1. t of plant dyes for Easter eggs. of course using only food plants beetroot,onion skin red cabbage and turmeric. The turmeric ones were great for chopping up later for serving with curries. And of course teas eggs. Hard boil crack slightly and then steep in strong tea.When you peal to serve the eggs you have a dainty spider web design on the eggs. A favorite for ladies teas in the past.

  2. A beautiful post, thank you! I especially love the purples and the oranges in these photos — and the whole idea of using edible plants and veggies for dyeing, which I haven’t done much of myself (except for fennel, onion skins and black beans). Got to try red cabbage next! I also fell in love with natural dyeing by reading Rebecca Burgess’s book and have documented my experiments here: http://gatherandgrow.org/tag/natural-dyeing

      1. Thank you Belinda! So nice to come across others who have been bitten by the dyeing bug & document it so beautifully. P.S. I checked out your blog too!

  3. In high school I used to dye raffia and then make hats. Marigold and pomegranate were my favourites. I have been toying with the idea of dying fabric recently, in the India Flint style.

  4. This looks like so much fun. I’ve also made natural dyes for Easter eggs, but never fabric. The colors are so vibrant and, well, natural looking, as one would expect. Thanks for the inspiring post.

  5. Apparently the 1788 settlers (read convicts) in Australia were guarded by red coat soldiers. The dye required for their coats came from cochineal, a scale insect, which lived on prickly pear. The bugs were squashed yielding the very red dye. To have a ready supply the first fleeters also brought the prickly pear with them to grow the cochineal. Now we have many varieties of prickly pear which are noxious weeds.

  6. I think I need to try tumeric. I tried doing a yellow with steeped rosemary, but didn’t have any luck getting the colour to stick to cotton. Lovely post. Thanks x

  7. We’ve been dying yarn and fabric for a while using native plants and the results are stunning. The range of colours you can get from eucalypts and acacias is amazing. Native mistletoe is also meant to be a great dye but we haven’t been able to reach any to harvest it.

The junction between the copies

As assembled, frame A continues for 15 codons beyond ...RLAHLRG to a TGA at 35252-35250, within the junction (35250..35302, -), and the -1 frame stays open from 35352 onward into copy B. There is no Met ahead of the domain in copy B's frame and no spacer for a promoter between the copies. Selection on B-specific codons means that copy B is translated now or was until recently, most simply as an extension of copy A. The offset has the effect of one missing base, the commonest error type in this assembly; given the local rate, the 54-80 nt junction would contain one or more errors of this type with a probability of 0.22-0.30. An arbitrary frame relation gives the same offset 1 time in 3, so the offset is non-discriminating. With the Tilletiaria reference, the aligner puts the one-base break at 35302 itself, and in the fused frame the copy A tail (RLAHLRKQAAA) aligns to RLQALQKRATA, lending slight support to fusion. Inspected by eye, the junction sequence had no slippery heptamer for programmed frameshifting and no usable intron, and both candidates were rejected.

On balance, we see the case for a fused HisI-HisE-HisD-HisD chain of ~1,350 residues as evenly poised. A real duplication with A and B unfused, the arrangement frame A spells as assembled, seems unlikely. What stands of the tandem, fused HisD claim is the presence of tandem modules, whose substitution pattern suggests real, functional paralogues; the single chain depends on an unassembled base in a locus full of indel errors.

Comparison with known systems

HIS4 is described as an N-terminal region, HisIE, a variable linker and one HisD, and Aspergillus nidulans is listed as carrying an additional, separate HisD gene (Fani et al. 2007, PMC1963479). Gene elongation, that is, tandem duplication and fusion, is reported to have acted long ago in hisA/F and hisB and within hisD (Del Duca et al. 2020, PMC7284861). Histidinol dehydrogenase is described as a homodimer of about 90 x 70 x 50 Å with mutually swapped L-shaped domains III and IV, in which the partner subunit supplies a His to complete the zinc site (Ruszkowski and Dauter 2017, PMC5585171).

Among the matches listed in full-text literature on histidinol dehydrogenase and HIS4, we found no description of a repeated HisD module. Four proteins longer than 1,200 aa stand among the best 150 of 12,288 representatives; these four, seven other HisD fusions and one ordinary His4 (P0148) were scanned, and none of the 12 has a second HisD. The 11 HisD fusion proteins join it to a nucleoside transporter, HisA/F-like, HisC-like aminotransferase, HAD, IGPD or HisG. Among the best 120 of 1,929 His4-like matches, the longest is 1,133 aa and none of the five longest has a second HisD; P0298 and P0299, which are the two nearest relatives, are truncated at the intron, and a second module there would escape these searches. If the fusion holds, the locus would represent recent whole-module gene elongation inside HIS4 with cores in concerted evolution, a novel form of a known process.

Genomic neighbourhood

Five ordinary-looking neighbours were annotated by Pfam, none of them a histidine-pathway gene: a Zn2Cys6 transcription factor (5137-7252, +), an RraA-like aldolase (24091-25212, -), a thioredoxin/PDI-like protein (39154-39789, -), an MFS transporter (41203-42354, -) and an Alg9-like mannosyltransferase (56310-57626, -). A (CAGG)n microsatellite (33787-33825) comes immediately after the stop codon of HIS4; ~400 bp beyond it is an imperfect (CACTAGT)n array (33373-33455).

You can get amazing, colourfast dyes from lichen but it’s a matter of contention as to whether you should harvest it because it takes so long to grow. Where we live in Hill End there’s a lot of lichen and very few people so it’s possibly more sustainable but I haven’t yet done any.
    I should at least see what I can get from the stuff that sometimes grows on the wood we get for the fire.

    There was a lady at the spinner’s and weaver’s group in Newcastle that had done a massive year long diary of what trees she could get colour from and samples of each dye on yarn and on fibre. It was mostly Eucalyptus from her local area.

    We are hoping to see what we can do about making a dye from the local red/yellow/almost purple clay soil colours here. I’m sure I’ve seen fabric dyed with ochres before.
    Just a matter of having the time and the health at the same time.

  8. Great post! I haven’t tried out the purple carrots-that’ll be next on my list! Beautiful images as well! I’ll be pinning this post for reference 🙂

  9. India Flint’s book is interesting although a bit fristrating light on the process detail at times. She said that privet berries would make a blueish colour. Plenty of those around no one wants… a lesson in how individual the plant and the soil and everything else is to the outcome: nondescript pinkish beige on cotton and silk for me that day. Lost interest, the cloth kicked around the laundry for a few months and then one day the silk got swept up into a washing load done with a certain NP enzyme based wash powder and it emerged the most fabulous cocoa powder brown. The cotton piece did not react at all, no change. Love eucalyptus leaf dying with wool. The kids tell the neighbours mum’s “at her witch pots”. Love the unpredictability of it all, just magic. Thanks for these other links.

  10. This has whetted my appetite even more now. I found India Flint’s book when I stayed with a family near Byron and I found it totally fascinating. More than a year on and I still haven’t started experimenting with natural dyes! Thanks for kick starting my enthusiasm again. And the photography here is beautiful! 🙂